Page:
“I’m all about thinking out of the box when it comes to connecting more inner city kids to the outdoors. And, of course, my balance to that is also using U.S. Veterans in that mix,” Brown said. “Going into the outdoors is one thing, but the idea of going to Alaska was to send a message. It’s more than just fishing. I want these kids to know they can do whatever they want to do, as long as they put their minds to it and line themselves up with the right people.”
“I want these kids to know they can do whatever they want to do, as long as they put their minds to it and line themselves up with the right people.”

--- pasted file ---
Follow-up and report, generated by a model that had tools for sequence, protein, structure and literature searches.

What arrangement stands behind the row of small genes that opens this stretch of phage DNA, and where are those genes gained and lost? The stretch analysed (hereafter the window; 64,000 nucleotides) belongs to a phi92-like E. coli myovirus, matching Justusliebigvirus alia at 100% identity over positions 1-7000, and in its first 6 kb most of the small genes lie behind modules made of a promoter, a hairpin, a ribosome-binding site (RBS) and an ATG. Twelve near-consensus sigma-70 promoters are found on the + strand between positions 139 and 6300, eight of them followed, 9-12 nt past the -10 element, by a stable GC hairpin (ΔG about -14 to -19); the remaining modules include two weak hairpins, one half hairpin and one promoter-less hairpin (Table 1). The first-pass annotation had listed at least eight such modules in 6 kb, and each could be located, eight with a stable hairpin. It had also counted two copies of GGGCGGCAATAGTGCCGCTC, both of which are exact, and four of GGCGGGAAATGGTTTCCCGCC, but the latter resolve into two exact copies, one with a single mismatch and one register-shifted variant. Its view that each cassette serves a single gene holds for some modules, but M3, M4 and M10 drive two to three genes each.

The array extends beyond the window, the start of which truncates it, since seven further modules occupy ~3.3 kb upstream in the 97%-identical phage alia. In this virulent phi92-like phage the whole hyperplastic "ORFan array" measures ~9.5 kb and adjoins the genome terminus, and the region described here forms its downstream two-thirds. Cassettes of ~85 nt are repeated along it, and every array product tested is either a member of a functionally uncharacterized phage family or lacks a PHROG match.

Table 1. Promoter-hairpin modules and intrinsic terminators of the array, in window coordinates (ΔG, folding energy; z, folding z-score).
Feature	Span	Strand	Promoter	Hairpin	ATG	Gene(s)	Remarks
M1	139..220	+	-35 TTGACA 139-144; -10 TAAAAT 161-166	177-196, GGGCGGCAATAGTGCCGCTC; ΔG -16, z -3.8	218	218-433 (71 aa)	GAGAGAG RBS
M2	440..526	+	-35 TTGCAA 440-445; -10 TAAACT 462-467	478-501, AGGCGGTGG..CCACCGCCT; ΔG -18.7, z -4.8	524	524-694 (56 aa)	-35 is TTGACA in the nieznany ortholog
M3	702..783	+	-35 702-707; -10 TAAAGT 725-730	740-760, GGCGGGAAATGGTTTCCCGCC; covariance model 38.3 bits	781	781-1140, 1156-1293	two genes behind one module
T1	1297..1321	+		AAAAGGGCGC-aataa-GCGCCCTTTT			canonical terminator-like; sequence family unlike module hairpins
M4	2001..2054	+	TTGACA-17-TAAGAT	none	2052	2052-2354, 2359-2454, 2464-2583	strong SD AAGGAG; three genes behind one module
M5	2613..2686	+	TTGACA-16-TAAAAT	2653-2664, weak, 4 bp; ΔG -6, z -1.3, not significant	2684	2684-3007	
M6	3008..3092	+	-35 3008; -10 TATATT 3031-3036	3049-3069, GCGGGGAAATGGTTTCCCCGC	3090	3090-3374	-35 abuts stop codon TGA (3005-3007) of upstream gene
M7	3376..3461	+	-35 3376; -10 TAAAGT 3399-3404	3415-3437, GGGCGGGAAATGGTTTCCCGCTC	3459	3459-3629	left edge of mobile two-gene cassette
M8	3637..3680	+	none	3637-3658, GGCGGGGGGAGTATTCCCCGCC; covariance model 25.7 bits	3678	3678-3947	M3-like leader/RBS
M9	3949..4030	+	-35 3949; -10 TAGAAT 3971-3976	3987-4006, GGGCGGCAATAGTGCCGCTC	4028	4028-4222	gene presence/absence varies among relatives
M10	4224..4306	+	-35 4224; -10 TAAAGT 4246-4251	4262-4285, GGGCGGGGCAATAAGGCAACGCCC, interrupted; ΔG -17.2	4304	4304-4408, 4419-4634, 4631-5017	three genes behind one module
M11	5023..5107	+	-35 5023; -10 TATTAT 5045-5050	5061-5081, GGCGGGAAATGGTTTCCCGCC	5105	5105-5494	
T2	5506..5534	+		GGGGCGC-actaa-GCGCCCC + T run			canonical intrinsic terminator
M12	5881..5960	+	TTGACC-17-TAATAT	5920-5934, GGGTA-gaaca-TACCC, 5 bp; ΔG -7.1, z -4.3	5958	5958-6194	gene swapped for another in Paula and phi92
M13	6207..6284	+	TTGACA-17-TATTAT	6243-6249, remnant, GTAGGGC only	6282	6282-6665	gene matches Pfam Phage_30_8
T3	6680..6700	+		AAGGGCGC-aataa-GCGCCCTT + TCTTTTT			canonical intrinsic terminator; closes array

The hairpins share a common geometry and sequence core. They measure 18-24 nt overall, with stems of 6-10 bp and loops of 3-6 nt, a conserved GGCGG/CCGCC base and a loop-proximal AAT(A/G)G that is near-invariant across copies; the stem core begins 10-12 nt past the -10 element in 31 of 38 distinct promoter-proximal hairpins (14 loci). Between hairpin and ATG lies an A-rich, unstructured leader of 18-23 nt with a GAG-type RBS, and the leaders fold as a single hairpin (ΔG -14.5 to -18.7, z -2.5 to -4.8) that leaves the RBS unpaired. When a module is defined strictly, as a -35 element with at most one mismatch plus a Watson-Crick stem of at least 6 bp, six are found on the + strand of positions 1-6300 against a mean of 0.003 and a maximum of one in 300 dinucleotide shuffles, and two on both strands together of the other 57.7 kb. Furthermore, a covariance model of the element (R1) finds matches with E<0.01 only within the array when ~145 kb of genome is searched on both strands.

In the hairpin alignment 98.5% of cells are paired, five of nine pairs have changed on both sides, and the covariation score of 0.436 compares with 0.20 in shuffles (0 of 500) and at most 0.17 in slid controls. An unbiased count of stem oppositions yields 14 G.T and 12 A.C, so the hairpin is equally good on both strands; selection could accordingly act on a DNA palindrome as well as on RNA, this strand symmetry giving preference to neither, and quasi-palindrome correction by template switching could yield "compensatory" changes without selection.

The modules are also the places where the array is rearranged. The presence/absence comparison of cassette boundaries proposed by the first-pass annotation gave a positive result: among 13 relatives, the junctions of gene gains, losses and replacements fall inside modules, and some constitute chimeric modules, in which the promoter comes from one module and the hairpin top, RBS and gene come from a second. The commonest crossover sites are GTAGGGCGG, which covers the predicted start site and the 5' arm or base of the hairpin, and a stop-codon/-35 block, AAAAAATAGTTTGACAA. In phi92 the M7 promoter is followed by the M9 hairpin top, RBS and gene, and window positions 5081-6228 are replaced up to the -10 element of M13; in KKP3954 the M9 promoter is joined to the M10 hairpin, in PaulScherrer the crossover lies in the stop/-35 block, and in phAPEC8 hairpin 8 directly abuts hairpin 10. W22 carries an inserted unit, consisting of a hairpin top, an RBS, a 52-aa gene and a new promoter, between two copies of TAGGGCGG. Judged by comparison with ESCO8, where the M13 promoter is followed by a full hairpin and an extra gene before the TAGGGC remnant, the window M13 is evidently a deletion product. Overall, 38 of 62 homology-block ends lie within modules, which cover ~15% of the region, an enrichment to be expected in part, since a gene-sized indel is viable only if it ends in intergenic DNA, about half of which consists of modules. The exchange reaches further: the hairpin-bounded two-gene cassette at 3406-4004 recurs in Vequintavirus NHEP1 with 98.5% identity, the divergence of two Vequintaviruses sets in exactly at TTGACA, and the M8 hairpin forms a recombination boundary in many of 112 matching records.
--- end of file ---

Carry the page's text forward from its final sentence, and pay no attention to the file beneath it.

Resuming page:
Based in Portland, Oregon, Brown operates a business called Soul River. With skills in graphic design, he created a clothing line and offers classes that allow him to share his love of fly fishing. Having experienced post traumatic stress disorder after his time in the service overseas, Brown managed to resolve many of the difficulties he faced as a returning veteran through an intimate relationship with the outdoors. While fly fishing, he enjoys a special communion of mind and body in the wonders of nature. Today, with the help other service men and women, he works to provide role models and opportunities for many young people who face an increasingly urbanized existence with limited exposure to life outdoors. Brown aims to provide a worthwhile alternative to a lifestyle filled with negative options that limit kids’ ability to imagine something better: “Instead of saying no, let’s welcome the idea, even if it seems far-fetched,” he said. “You never know what the possibilities can be.”